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The Guide to Warrensburg (2017 - 2018)

HERITAGE Warrensburg’s exciting future remains anchored to its colorful frontier past. The town’s history dates back to 1833 when Martin Warren arrived from Kentucky and settled along the Osage Indian Trail. In 1834, the county of Johnson was designated, and the town of Columbus was the center of county government until 1836. In 1838, a group of early Missouri leaders, including Daniel Morgan Boone, chose the site for the county courthouse in the growing village that was to become Warrensburg. The county court commissioned the building of the courthouse in that same year, and it took four years to complete. Another citizen’s group has formed to preserve Howard School, one of Incorporation as a city came in 1855, and the railroad arrived in the oldest and the most historically significant black schools in 1864. A thriving new commercial district sprouted along the tracks, Missouri. These two exciting projects enhance the work already five blocks southeast of the original town (or town square), and nearby accomplished by the Johnson County Historical Society. sandstone quarries helped spur growth. Old Drum, our beloved hunting dog mascot, is one of the most Important historical sites maintained by the Johnson County Historical celebrated figures from Warrensburg’s past. When U.S. senator-to-be Society on old Main Street include the 1838 Old Courthouse, Mary George Graham Vest delivered his eulogy to the dog in 1870 in a Miller Smiser Heritage Library and Museum, the Johnson County Johnson County courtroom, he had no idea his words would make him Courthouse (now over 100 years old), and the restored 1890s train famous. His words, coining the phrase “Man’s best friend is his dog,” depot that houses The Greater Warrensburg Area Chamber of quickly won him fame across Missouri and beyond. Vest made the Commerce office. Preserving our past has become a focus for our speech while arguing in court on behalf of Charles Burden, whose community and the Johnson County Historical Society. favorite dog was shot by the ward of Leonidas Hornsby. Burden sued One of the parks, located in the city’s historic area, has been restored and the case eventually wound up in the Missouri Supreme Court and is now known as Blind Boone Park. The completed restoration where the plaintiff was awarded $50. The trial advanced Vest’s includes a gazebo for public musical events, picnic areas, and a political career, and in 1958 his Tribute to a Dog was cast in bronze statue of Blind Boone. J.W. “Blind” Boone was a beloved member of beneath the statue of Old Drum on the courthouse lawn. Vest’s eulogy our community who, blind and of multi-ethnic heritage, succeeded in has won world fame and has been cited as one of the greatest working past many physical, cultural and economic limitations to speeches given during the 19th-century. The story of Old Drum is become a famous concert pianist. known and loved the world over. THE ORIGIN OF ‘MAN’S BEST FRIEND’ By George Graham Vest “Gentlemen of the jury: The best friend a man has in this world may turn against him and become his enemy. His son or daughter that he has reared with loving care may prove ungrateful. Those who are nearest and dearest to us, those whom we trust with our happiness and our good name, may become traitors to their faith. The money that a man has, he may lose. It flies away from him, perhaps when he needs it the most. A man’s reputation may be sacrificed in a moment of ill-considered action. The people who are prone to fall on their knees to do us honor when success is with us may be the first to throw the stone of malice when failure settles its cloud upon our heads. The one absolutely unselfish friend that a man can have in this selfish world, the one that never deserts him, and the one that never proves ungrateful or treacherous, is his dog.” “Gentlemen of the jury: A man’s dog stands by him in prosperity and in poverty, in health and in sickness. He will sleep on the cold ground, when the wintry winds blow and the snow drives fiercely, if only he may be near his master’s side. He will kiss the hand that has no food homeless, the faithful dog asks no higher privilege than that of to offer, he will lick the wounds and sores that come in encounters with accompanying him to guard against danger, to fight against his the roughness of the world. He guards the sleep of his pauper master enemies, and when the last scene of all comes, and death takes the as if he were a prince. When all other friends desert, he remains. master in its embrace and his body is laid away in the cold ground, When riches take wings and reputation falls to pieces, he is as no matter if all other friends pursue their way, there by his graveside constant in his love as the sun in its journey through the heavens. If will the noble dog be found, his head between his paws, his eyes sad fortune drives the master forth an outcast in the world, friendless and but open in alert watchfulness, faithful and true even to death.” 2 | Discover the Guide to Warrensburg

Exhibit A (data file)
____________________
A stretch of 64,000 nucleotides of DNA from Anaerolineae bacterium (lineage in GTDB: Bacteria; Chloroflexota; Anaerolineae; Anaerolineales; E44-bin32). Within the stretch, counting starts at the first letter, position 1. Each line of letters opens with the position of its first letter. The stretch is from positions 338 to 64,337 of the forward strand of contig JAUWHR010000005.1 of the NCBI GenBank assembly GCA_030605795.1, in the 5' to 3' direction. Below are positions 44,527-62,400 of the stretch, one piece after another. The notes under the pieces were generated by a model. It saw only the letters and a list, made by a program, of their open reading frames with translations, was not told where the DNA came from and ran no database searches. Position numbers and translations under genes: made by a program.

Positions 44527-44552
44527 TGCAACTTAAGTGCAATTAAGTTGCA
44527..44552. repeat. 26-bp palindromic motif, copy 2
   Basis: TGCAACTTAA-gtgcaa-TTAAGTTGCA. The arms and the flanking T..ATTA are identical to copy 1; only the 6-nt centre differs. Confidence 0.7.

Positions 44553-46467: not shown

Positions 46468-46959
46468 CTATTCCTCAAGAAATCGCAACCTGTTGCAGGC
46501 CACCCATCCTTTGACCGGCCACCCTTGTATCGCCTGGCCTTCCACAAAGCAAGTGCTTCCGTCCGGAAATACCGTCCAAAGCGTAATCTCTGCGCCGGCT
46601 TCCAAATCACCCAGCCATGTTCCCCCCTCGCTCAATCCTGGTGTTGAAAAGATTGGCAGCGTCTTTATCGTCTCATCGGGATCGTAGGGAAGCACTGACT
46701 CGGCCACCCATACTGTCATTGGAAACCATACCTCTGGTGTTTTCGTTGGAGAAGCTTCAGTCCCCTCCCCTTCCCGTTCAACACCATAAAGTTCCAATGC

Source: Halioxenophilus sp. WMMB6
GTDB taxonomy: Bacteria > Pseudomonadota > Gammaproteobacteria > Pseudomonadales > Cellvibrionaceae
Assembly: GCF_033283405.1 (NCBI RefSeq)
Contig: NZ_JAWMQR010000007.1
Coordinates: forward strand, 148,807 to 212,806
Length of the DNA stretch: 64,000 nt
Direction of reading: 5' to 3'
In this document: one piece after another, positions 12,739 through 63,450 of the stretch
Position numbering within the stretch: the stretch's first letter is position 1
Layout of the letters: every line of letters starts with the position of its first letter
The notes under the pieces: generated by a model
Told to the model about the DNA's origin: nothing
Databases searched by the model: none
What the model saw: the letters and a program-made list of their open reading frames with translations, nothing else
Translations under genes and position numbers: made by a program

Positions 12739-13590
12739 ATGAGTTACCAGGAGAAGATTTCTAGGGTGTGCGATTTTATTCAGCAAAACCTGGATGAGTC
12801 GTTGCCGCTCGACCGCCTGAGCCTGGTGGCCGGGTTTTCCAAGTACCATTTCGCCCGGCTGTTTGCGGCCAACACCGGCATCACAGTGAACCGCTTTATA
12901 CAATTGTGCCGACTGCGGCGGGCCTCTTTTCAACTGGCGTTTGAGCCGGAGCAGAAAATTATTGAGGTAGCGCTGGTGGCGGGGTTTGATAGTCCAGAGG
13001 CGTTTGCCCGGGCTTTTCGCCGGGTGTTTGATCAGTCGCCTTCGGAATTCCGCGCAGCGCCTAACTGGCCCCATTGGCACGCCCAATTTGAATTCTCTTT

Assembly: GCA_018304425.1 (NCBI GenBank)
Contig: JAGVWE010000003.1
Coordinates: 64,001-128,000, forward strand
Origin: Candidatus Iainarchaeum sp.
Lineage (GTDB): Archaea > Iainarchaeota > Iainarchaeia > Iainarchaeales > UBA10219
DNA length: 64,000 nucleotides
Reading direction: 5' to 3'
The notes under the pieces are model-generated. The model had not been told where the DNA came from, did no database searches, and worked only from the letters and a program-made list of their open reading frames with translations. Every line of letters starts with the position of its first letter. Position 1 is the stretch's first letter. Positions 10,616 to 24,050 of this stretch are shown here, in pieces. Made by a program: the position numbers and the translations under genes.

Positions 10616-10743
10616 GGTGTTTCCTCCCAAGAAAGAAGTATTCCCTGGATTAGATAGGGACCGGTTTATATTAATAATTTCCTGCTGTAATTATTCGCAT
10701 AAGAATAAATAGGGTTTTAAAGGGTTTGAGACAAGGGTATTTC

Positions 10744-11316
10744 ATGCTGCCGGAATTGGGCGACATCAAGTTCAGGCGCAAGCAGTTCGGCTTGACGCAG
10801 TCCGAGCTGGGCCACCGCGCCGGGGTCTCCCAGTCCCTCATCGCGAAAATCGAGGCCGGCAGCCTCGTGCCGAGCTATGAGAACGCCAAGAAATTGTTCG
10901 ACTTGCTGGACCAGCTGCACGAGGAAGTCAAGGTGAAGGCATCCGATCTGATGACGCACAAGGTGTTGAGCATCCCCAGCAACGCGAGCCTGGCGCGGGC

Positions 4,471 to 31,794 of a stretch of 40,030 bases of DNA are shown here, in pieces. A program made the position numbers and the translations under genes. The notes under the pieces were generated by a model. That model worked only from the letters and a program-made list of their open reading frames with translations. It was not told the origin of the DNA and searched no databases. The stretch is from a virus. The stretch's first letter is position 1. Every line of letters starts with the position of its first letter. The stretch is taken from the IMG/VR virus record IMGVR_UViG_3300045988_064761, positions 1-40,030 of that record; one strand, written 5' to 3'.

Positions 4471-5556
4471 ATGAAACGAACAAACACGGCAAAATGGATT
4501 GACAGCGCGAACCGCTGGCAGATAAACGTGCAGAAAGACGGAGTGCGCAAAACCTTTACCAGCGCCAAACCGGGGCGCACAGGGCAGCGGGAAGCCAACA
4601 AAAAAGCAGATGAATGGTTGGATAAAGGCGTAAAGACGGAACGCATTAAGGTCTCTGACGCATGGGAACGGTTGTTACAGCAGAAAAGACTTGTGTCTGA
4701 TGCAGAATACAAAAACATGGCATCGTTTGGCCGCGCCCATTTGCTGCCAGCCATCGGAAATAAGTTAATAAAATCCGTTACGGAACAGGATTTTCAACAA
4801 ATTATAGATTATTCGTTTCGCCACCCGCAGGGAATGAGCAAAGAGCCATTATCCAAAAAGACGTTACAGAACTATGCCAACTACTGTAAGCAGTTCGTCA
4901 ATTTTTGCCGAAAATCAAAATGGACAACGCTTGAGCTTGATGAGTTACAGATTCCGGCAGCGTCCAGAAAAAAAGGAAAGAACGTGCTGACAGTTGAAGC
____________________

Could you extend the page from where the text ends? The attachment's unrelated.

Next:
The Guide to Warrensburg (2017 - 2018)
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